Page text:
Cool with Altitude
The coolness from the altitude of the Adelaide Hills impacts strongly on the region's wines, in addition to the changing seasons and the skill and passion of its winemakers. Vines were planted in the Adelaide Hills as early as the 1870s however due to the challenges of cool-climate viticulture in those early days, most of these vines were removed by the 1930s. The regeneration of the Adelaide Hills region started in 1970s and gained rapid pace with the rise in popularity of cool climate wines in the 1980s and 1990s and this trend continues today.
The cooler climate defines the Adelaide Hills and provides them with a significant point of difference to other South Australian regions that has allowed it to spearhead the evolution of Australian wine in recent years. The winemaking evolution continues today, and it is now a hotbed of wine creativity; home to bold, boundary-pushing grape growers and winemakers.
Adelaide Hills snapshot
The regeneration of the area as a wine region began with winemaker Brian Croser and his family planting Chardonnay in the region in 1979. Brian had identified the potential of the region as one of the best places in Australia to plant cool climate loving varieties. He was soon joined by other Australian wine pioneers including Stephen George at Ashton Hills, Geoff Weaver in Lenswood and Michael Hill Smith and Martin Shaw at Shaw and Smith. Today there are around 100 producers in Adelaide Hills who have planted over 4,000 hectares of vines between them.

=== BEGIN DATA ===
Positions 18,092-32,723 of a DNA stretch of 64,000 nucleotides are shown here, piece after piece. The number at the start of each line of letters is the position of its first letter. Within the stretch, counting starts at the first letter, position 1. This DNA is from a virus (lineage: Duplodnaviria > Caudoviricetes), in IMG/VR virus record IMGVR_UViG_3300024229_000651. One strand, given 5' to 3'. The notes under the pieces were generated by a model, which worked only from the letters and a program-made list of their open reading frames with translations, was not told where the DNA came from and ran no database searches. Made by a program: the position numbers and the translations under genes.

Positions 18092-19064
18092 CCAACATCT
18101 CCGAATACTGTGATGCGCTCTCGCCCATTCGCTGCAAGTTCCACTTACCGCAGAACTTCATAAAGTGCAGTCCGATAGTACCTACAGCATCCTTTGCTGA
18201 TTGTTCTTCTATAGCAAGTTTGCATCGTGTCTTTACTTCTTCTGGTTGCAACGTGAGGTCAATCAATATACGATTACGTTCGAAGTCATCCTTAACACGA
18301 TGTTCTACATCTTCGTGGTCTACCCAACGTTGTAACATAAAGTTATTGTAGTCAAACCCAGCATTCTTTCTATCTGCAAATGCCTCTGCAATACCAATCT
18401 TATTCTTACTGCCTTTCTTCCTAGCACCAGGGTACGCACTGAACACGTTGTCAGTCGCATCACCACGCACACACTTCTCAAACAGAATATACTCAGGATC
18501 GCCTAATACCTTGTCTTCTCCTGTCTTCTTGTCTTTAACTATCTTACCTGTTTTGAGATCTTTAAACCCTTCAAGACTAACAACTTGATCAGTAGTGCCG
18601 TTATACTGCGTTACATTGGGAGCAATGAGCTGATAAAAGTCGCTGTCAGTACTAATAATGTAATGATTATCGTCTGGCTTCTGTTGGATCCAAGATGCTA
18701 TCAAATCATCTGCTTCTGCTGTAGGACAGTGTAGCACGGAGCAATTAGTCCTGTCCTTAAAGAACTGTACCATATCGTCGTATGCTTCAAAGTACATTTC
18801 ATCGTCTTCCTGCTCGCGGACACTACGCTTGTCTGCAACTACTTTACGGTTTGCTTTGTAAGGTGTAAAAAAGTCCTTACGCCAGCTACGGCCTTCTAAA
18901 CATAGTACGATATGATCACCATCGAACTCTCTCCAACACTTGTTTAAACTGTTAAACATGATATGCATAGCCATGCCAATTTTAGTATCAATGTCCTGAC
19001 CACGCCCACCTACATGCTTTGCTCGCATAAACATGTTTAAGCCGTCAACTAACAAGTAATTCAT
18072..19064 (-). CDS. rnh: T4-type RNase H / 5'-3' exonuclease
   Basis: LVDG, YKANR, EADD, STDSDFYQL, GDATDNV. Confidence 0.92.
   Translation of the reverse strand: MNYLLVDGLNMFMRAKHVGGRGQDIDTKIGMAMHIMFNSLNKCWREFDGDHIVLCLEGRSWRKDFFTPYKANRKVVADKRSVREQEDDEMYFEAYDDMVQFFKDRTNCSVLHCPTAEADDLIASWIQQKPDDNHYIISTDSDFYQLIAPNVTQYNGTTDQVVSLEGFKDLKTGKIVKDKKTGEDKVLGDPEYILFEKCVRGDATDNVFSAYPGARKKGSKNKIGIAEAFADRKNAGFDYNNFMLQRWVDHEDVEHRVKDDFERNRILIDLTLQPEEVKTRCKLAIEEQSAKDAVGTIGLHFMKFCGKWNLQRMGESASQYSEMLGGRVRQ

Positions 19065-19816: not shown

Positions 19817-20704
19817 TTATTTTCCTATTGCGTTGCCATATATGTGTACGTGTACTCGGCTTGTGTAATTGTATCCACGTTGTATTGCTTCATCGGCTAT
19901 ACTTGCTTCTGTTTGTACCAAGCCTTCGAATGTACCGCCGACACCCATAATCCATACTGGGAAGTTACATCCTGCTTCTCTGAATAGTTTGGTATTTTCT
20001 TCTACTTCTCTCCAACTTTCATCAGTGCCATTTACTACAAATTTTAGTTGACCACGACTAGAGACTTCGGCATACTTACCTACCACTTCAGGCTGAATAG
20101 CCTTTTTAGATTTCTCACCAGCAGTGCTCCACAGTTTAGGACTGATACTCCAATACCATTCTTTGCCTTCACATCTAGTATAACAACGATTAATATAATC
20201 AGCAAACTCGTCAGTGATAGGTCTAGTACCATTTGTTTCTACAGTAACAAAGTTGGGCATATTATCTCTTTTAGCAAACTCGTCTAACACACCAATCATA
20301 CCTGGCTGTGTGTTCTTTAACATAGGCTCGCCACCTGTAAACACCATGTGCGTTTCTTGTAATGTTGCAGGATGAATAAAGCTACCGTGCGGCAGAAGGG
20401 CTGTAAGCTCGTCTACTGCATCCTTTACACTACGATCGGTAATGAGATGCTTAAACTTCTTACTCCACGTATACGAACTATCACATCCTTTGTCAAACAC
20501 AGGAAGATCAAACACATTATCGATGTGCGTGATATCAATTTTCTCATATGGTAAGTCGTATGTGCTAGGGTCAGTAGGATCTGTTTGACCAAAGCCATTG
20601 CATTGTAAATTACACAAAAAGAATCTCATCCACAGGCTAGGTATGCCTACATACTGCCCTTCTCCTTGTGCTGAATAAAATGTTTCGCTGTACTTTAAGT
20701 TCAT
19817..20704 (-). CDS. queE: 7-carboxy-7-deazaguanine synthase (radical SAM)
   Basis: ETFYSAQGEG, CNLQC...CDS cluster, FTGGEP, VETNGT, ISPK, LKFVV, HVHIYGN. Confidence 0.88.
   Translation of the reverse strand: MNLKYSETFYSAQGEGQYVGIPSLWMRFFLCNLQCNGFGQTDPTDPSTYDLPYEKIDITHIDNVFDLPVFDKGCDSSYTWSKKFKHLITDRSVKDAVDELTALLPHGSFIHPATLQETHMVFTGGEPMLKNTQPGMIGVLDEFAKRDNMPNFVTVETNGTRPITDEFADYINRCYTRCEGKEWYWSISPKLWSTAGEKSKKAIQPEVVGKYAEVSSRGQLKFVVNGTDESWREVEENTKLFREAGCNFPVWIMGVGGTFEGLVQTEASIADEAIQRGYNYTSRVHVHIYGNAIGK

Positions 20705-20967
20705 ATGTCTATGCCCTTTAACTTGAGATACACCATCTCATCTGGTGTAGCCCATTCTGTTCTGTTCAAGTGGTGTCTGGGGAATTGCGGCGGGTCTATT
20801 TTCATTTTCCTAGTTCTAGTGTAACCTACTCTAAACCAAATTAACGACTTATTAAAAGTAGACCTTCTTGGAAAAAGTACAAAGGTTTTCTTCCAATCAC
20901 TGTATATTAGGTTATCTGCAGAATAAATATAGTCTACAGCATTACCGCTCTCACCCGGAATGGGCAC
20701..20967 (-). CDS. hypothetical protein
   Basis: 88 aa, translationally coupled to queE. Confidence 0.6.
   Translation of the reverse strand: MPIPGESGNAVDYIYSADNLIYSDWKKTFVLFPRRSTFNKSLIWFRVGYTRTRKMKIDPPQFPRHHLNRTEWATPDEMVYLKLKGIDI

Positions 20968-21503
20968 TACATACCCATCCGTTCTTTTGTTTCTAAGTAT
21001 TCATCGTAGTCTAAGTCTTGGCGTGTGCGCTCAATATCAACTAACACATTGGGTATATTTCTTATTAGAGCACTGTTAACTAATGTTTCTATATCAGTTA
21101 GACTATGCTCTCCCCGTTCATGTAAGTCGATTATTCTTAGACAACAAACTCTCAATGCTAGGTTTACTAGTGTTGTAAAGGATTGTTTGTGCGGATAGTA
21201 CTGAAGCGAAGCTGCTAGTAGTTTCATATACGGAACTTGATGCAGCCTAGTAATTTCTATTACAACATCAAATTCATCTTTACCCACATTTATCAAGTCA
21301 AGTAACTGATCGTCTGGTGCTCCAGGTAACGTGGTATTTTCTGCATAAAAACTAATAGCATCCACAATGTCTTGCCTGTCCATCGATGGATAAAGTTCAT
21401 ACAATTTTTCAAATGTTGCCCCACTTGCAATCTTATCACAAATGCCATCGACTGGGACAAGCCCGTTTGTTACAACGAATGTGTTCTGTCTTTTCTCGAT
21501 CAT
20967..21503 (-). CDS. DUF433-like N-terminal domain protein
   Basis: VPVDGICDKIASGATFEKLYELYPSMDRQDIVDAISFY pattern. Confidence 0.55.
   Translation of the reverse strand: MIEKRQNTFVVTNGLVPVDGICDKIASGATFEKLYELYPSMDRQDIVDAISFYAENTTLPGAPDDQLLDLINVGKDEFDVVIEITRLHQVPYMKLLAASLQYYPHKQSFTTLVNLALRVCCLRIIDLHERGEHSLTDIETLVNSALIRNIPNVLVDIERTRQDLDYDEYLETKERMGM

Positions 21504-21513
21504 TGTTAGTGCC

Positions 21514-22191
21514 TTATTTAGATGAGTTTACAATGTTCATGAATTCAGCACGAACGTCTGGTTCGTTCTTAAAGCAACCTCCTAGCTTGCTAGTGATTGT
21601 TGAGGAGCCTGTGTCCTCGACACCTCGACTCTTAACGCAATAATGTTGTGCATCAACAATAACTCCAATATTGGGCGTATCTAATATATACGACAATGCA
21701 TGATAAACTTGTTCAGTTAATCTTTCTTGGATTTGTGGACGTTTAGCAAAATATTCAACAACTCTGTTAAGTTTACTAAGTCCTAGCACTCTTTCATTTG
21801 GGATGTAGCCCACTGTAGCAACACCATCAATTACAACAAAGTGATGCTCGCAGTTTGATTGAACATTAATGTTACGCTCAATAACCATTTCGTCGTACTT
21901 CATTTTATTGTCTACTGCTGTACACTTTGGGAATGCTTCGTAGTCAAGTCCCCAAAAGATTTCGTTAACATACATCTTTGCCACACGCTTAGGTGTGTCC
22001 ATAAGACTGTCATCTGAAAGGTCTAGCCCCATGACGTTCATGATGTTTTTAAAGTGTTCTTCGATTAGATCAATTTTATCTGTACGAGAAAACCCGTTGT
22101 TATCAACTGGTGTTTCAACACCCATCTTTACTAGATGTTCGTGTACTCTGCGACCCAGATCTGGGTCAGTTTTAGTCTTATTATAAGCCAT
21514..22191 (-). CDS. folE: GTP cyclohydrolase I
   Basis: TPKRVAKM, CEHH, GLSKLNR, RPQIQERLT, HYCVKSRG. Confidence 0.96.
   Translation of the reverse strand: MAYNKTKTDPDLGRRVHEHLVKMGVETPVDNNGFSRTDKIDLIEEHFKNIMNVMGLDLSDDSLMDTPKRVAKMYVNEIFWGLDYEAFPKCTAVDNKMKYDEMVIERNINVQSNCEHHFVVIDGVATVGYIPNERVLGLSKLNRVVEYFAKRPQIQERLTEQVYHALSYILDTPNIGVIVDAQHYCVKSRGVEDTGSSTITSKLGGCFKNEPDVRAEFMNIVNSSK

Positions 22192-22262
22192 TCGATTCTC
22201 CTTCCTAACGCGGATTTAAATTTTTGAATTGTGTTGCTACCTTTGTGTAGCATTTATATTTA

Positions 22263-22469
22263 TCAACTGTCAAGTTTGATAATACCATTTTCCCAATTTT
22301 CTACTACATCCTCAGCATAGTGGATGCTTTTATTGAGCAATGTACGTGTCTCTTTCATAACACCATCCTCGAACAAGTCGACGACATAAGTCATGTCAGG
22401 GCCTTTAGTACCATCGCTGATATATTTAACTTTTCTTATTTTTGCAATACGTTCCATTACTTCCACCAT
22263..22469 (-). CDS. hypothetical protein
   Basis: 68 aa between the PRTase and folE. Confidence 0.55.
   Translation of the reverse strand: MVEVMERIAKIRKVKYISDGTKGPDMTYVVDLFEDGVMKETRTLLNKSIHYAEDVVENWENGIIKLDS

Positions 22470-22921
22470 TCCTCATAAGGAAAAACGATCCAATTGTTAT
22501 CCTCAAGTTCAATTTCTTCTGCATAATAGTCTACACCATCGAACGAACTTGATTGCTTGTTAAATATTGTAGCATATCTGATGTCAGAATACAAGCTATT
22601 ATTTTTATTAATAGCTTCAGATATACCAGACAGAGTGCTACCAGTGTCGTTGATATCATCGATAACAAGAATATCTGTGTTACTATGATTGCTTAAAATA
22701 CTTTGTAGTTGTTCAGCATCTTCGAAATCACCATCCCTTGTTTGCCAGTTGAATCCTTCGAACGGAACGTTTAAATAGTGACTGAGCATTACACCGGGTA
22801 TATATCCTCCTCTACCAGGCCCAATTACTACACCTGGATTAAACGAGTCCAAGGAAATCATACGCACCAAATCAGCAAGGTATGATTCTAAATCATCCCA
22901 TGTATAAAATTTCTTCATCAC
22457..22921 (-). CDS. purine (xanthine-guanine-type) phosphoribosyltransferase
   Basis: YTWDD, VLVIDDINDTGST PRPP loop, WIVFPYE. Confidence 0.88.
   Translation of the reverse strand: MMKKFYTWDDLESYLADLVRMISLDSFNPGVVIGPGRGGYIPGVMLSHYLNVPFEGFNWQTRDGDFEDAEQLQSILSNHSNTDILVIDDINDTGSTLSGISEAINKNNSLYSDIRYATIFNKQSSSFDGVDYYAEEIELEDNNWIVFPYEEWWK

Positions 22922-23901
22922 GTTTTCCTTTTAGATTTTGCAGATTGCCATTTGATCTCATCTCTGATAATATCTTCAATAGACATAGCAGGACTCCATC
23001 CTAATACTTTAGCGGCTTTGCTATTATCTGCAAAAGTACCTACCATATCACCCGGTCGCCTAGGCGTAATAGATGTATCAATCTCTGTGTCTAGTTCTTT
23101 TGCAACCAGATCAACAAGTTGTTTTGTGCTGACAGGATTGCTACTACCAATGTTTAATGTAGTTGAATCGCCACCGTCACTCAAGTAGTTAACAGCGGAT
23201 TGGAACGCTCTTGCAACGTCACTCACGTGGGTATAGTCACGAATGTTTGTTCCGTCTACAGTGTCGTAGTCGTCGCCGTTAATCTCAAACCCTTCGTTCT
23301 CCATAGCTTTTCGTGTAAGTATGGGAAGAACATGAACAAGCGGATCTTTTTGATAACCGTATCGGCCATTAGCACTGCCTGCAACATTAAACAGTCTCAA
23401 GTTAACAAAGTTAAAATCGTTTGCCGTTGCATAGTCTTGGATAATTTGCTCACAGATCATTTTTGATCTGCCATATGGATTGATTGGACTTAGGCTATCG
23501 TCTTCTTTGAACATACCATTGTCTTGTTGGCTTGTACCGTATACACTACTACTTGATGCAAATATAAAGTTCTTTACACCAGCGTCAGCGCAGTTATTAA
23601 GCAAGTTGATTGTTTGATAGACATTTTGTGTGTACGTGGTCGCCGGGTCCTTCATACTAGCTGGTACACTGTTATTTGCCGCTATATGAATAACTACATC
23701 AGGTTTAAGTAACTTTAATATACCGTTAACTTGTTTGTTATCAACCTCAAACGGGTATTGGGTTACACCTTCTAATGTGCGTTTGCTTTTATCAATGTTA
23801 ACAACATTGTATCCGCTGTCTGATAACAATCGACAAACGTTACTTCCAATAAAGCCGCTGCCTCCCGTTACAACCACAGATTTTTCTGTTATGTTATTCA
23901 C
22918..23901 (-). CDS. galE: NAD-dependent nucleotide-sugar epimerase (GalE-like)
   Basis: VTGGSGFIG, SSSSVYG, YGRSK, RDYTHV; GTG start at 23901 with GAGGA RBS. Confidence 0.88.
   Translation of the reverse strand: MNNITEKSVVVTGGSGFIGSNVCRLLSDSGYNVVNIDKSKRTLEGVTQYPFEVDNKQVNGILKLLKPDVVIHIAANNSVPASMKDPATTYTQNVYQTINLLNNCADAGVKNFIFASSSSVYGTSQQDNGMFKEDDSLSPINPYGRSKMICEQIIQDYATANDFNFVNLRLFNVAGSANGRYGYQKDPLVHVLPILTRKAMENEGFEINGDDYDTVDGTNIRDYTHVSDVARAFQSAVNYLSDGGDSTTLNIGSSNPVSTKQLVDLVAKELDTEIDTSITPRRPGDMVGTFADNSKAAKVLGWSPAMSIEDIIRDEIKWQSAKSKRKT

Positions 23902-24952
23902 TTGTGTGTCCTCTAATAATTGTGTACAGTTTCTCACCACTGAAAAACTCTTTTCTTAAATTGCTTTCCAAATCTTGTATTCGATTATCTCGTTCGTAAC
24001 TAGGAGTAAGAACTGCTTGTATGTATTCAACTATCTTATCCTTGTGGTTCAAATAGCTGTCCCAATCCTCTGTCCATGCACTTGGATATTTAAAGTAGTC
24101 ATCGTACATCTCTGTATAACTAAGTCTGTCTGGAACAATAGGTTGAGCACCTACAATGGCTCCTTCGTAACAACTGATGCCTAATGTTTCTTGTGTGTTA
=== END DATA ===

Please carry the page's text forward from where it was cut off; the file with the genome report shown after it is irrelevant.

While still a young wine region, the Adelaide Hills has been acclaimed around the world for many years for wonderful expressions of Chardonnay, Pinot Noir, Sauvignon Blanc and Shiraz. The region has played a vital part in the evolution of Australian wine and is itself constantly evolving. Emerging varieties are finding a home in the Hills and it is home to cutting-edge winemakers pushing the boundaries and expanding the possibilities for fine Australian wine.
Total vineyard area
Complex medium weight wines with good natural acidity. A decent amount of Chardonnay, especially from the cooler sites, is used in the production of sparkling wine.
Top varieties grown in Adelaide Hills
Altitude creates various meso-climates but overall the climate is cool
The region is very hilly with various valleys and sub-valleys
Some west facing slopes in the northern area are warm enough to ripen Cabernet Sauvignon
Most of the region is best suited to early ripening varieties
Predominantly grey-brown or brown loamy sands
Some patches of mostly sandy soils